In My Words - Marathon Monday

Justin Breton has played in the ECHL for the last three seasons, spending parts of the 2016-17 season with the Alaska Aces, Kalamazoo Wings, and Missouri Mavericks.  Breton attended Bentley University, just outside Boston.  As the 2017 Boston Marathon occurs today, he recalls the hectic days after the Boston Marathon Bombing occurred in 2013.  

Professional hockey has given me the chance to play in some amazing places – Alaska, Michigan, and most recently, Kansas City, but Massachusetts will always be home.

I grew up in Fitchburg, MA, which is about an hour from Boston, not too far from Worcester.  I played four years of college hockey for the Bentley University Falcons while I pursued my degree in economics and finance.

Marathon Monday is a Boston area tradition.  There are a lot of colleges in both Boston and just outside the city, like Bentley, and a lot of students will usually skip class (if they have it at all) and go down to the Marathon – it’s just a big party down there.

I had my share of Marathon Monday experiences before, but on April 15, 2013, I didn’t go down to the Marathon site.  It was the end of my junior year at Bentley and I actually had a group project to work on that day, so I stayed back at school.  I knew a lot of my classmates had gone down to watch the race, but I was planning to go to the party on the green later that day after I got my schoolwork done.

I was in the Student Center with four of my classmates, working on our group project, when all of a sudden there was a ‘Breaking News’ alert on the TVs.  It said there was a bombing at the Marathon and everyone just kind of starting freaking out.  None of my close friends were down at the Marathon, but a couple of the kids I was working on the group project with knew people down there.  Everyone got on their cell phones, called people they knew who were down at the Marathon, and we all phoned our parents to tell them we were safe.

It was a panic once it started to unfold.  Everyone was trying to figure out what to do next and watched as the news alerts kept breaking on TV.  I went back to my dorm room after that because classes were cancelled.  Right when it first happened, the suspects were on the loose and the whole Boston area went on lockdown.  They had pictures and videos on TV of the city - I’ve never seen a place so empty in my life- it was really eerie.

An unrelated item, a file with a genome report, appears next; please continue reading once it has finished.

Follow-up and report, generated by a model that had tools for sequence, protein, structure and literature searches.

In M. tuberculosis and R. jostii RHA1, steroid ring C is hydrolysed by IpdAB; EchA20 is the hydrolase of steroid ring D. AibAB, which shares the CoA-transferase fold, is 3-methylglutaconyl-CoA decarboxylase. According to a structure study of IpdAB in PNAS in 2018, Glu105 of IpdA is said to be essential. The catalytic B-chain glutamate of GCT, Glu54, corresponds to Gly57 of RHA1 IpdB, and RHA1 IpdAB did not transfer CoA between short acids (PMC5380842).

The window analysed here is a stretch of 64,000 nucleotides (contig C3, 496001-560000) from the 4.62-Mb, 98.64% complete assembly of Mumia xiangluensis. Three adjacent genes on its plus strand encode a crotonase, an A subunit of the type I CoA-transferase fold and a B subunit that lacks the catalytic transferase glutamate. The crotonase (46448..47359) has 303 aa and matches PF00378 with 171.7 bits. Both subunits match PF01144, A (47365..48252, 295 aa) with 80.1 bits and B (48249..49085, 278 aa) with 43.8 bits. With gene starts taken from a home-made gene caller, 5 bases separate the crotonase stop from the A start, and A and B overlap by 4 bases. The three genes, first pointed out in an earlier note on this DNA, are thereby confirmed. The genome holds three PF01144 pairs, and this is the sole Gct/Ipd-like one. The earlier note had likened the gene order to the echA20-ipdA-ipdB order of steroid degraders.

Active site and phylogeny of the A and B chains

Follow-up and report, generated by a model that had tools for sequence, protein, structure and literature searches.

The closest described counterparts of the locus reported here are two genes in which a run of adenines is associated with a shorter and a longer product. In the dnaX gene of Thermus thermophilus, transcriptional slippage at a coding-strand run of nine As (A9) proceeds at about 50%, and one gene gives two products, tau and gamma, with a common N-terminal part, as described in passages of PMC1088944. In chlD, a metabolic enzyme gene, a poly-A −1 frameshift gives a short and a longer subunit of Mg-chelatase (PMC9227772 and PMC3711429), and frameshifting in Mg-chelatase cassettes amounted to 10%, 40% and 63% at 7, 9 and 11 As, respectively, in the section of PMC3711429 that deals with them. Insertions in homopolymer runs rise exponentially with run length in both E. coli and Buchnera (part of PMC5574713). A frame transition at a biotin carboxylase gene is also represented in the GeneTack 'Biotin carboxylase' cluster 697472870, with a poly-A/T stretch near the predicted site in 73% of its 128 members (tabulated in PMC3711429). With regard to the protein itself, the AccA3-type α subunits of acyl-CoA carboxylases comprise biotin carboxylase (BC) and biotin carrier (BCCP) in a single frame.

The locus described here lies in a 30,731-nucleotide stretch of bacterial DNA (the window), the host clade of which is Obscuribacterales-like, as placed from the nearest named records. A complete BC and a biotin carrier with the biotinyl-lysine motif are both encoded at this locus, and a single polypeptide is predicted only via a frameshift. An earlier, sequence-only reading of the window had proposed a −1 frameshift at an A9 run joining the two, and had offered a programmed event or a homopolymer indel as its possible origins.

The day after the bombing they started to release news that the suspects could be in the Watertown or Waltham area – Waltham is where Bentley is located.  So then our school, like many of the others in the area, went into lockdown.  We were told to stay in our dorms and not to leave.  I know it was really alarming for my parents too – my mom kept calling me to make sure I was in my dorm room.  Waltham and Watertown were creepily quiet as well as the lockdown continued – it was weird to look outside my dorm- no students were walking around- nothing at all.

My roommates and I were glued to the TV as we were on lockdown –just waiting to see if there were any updates.  Since a lot of students didn’t have food in their dorms, the University had to provide us meals.  They had all these prepared lunches for us at a common area of the campus.  They allowed one area of campus at a time go to grab our food and then we had to go right back to our dorm.  They still didn’t know where the bombing suspects were at this point though, so they had a police helicopter over our campus monitoring any potential movement.  It was wild.

I’ll never forget when they caught ‘the guy’ though.  It was late on the night of Friday, April 19. They caught him in a boat in Watertown – it was only three or four miles from campus.  It came on the news and I remember everyone just went outside to the common area on campus and it was a huge party.  It wasn’t just students either, I remember a lot of cops were hanging out with us.  They had been working nonstop.  The amount of hours they put in was incredible.

It was neat to see the whole city come together.  David Ortiz gave a speech at the Red Sox game the next day.  It was cool to see someone that everyone looks up to, do something like that.  I still get chills when I watch that speech.

After the bombing happened, you started hearing ‘Boston Strong’ with everything.  What that really means to me was seeing everyone in our great city come together.  The law enforcement members worked non-stop to catch the people who did this.  To be able to shut down a city and surrounding areas, it took a lot of people working together.  Even at the actual bombing, strangers were helping people they didn’t even know, putting their own lives at risk to help someone that was in need.

The events that happened will never leave my head, but I try to remember all the good of the city that came out of it.  It goes to show you, you don’t know what’s going to happen so you just have to live life to the fullest.

I’m disappointed that I’m not still playing hockey in late April, but today, I’m looking forward to attending the Marathon, and joining in the celebration of all that’s good about the great city of Boston.

-Justin Breton